On the morning of September 15th, 2013 (unbeknownst to me), I awoke to the first day of my recovery. I was desperate and determined to leave behind my pattern of self-medicating mental illness symptoms through chaotic substance use. But despite my desire, I didn’t know how or where to start.
A close family member had found their recovery path years earlier. When I called for help, they supported me in the way they had been supported by others; I was taken to the hospital for psychiatric stabilization, then to a residential treatment program. While in treatment, I struggled with the concepts they taught. I didn’t identify as “an addict,” that didn’t resonate—I was just a person who struggled with it all. I began to shut down. After a few days, I left. I knew I needed help, but this was not the right fit for me. This approach had worked for my family member and countless others, but it wasn’t clicking for me.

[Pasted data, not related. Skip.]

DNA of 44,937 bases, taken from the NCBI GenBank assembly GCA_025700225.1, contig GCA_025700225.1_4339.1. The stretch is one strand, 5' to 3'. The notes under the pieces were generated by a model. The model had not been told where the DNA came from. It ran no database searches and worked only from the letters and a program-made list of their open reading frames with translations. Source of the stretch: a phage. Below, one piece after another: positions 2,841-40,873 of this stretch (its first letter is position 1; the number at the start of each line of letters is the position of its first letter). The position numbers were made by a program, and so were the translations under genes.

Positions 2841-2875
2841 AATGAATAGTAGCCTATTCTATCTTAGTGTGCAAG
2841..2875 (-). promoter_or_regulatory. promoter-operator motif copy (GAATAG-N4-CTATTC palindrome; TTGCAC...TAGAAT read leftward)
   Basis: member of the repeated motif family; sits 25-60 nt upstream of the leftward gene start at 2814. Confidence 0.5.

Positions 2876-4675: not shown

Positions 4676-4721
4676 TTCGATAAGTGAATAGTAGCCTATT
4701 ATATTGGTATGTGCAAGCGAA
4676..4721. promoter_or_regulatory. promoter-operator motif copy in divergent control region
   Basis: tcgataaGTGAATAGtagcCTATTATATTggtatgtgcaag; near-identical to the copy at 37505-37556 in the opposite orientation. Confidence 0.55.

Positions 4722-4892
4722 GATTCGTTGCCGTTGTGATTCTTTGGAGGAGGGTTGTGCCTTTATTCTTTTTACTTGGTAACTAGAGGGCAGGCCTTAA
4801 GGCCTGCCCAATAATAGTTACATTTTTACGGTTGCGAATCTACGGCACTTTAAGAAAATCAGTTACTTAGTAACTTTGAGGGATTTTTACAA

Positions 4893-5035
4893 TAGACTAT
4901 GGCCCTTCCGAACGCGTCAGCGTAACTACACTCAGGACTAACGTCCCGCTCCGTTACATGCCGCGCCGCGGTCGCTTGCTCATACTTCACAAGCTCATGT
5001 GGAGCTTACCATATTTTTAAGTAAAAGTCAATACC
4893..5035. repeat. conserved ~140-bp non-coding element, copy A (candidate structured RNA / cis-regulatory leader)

For many years, my recovery looked like sprints of attempts at being abstinent and an active member of a 12-step fellowship, only to have a recurrence of use and feel like a failure. But it wasn’t until many failed attempts at that pathway of recovery that I was given the opportunity to explore what recovery means to me.
There are no right or wrong ways to enter into recovery or pathways of recovery. I was completely unaware that my pathway into recovery was not a permanent assignment, that I could choose a different path.
There are MULTIPLE PATHWAYS.
People in or seeking recovery may choose their recovery path based on a variety of factors:
- Personal, cultural, spiritual/religious values
- The nature of their relationship with substances or other behaviors
- Personality and preference
- What has worked for them before / what has not worked for them before